Prior to 2008, it was not uncommon for a bank to assign its risk oversight responsibilities to the audit committee of its board of directors, or in some cases, to even divide those tasks between a number of other committees. Since then, a number of policies and guidelines have been enacted (including, notably, the Basel Committee for Banking Supervision’s Corporate Governance Principles for Banks in July 2015) that set new standards and procedures with respect to how financial institutions are to monitor and moderate risk.
PricewaterhouseCoopers recently completed a study entitled Board Governance: Higher Expectations, but Better Practices?, which considers the policies and practices of the ten largest banks in the United States, focusing on boards of directors that have undergone significant changes including structural and functional transformation. The study finds that the impetus for these changes has largely been: (1) the need to comply with new or increasingly stringent regulatory requirements (that began and continue to emerge in the post-2008 environment); and (2) the recognition that better internal risk governance policies can empower boards to monitor—and if necessary, challenge—management on key operational decisions.
The study found that since 2008, all ten of the largest banks in the United States have created dedicated audit committees, compared to only twenty percent in 2008, prior to the financial crisis.
Although the formation of risk committees is now a requirement, the banks have supplemented the regulatory frameworks imposed by the U.S. Federal Reserve’s Enhanced Prudential Standards with additional in-house policies. For example, nine of the ten largest banks require a minimum number of directors to sit on the risk committee, despite the fact that the Federal Reserve has not set any such requirement. Increased committee sizes typically signal an increased desire for direct engagement in a specific area. In addition, 60% of the subject banks have self-imposed a rule that the risk committee be entirely independent, regardless of the fact that the Federal Reserve only requires that there be at least one independent director. Other refinements over the regulated standards include having at least one director with directly relevant risk management experience and including former regulators on the risk committee.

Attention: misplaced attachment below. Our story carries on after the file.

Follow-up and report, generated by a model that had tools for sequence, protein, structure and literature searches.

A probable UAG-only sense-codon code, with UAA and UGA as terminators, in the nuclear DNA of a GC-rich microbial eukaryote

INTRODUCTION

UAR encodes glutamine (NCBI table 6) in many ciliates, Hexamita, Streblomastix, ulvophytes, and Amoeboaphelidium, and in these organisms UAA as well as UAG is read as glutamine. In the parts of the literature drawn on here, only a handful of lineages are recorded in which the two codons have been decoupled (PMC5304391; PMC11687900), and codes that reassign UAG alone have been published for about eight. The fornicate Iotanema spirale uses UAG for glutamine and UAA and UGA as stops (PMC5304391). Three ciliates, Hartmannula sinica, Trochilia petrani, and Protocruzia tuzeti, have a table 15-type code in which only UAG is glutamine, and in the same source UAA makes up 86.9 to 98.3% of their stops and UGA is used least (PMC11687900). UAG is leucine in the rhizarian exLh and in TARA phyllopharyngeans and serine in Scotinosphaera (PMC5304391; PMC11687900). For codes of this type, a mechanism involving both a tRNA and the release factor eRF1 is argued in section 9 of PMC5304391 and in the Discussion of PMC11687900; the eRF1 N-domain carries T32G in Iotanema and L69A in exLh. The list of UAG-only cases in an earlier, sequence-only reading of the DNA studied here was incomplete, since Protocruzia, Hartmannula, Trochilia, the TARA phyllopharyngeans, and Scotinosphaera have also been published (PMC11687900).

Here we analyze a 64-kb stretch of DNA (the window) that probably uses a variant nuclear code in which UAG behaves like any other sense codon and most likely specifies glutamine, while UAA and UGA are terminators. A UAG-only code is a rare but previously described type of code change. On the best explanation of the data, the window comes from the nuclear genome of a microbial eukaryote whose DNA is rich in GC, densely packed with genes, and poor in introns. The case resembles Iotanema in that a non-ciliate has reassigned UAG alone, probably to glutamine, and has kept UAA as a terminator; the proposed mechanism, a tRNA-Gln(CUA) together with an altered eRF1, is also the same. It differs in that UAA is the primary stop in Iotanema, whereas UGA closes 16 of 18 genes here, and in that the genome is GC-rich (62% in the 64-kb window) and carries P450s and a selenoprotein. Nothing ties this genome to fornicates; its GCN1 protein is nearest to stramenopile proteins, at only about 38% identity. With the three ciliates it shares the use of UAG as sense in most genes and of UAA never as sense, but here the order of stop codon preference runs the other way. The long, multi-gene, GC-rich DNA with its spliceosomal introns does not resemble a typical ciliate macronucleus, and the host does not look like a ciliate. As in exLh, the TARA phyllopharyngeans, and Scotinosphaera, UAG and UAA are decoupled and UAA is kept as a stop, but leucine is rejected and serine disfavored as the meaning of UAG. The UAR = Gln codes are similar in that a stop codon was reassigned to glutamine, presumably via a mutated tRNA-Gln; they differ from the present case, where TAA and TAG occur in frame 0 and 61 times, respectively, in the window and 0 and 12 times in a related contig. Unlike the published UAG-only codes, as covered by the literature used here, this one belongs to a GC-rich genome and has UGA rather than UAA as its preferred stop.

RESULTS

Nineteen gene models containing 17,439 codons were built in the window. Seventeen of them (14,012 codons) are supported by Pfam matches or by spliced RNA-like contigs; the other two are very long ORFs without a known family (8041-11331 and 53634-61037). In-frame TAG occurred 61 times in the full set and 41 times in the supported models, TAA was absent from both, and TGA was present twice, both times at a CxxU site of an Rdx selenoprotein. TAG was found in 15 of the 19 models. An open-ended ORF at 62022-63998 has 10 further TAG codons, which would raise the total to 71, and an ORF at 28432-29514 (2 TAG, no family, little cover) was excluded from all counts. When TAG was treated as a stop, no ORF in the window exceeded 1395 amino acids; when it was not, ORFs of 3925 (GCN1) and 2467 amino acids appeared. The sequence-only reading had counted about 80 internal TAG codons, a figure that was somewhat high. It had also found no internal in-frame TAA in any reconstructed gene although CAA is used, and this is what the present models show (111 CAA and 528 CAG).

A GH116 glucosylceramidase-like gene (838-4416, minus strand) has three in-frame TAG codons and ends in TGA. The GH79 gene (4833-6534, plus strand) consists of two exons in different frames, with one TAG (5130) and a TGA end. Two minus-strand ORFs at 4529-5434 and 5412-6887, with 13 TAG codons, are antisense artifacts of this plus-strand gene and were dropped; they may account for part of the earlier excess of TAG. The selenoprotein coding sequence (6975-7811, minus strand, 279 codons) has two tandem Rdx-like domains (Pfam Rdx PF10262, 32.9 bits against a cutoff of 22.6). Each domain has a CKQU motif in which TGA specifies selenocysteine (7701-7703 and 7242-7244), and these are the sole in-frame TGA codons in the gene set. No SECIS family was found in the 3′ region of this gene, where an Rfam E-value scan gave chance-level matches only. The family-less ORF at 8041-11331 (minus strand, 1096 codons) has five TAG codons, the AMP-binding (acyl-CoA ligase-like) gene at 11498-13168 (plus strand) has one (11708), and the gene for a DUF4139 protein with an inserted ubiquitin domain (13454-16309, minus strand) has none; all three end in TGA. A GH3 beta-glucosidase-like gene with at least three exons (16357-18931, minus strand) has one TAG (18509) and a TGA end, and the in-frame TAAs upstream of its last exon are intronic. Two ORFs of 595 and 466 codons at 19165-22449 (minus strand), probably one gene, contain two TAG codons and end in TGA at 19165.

There are, however, areas where banks still fall short. Significantly, roughly one-third of the ten largest banks do not require their respective risk governance policies to be approved by the risk committee and roughly one-fifth do not require either the board of directors or the risk committee to approve risk appetite standards. In addition, only half of the banks require the chief risk officer to report to the risk committee. Issues such as these can raise the concern that these committees are devoid of actual influence on institutional direction and daily operations.
The study makes a number of recommendations. Banks should: (1) enshrine regulatory expectations in risk committee charters; (2) augment their boards with additional independent directors with relevant experience; (3) ramp up risk-related board training sessions; (4) establish internal standards for risk issue escalation, ownership and resolution; and (5) increase the risk committee’s engagement with the chief risk officer. In order to prevent another big short, financial institutions must give greater attention to the risks they are willing to take on, and a large part of that is through empowering the risk committee in such a way so as to most effectively carry out its mandate.
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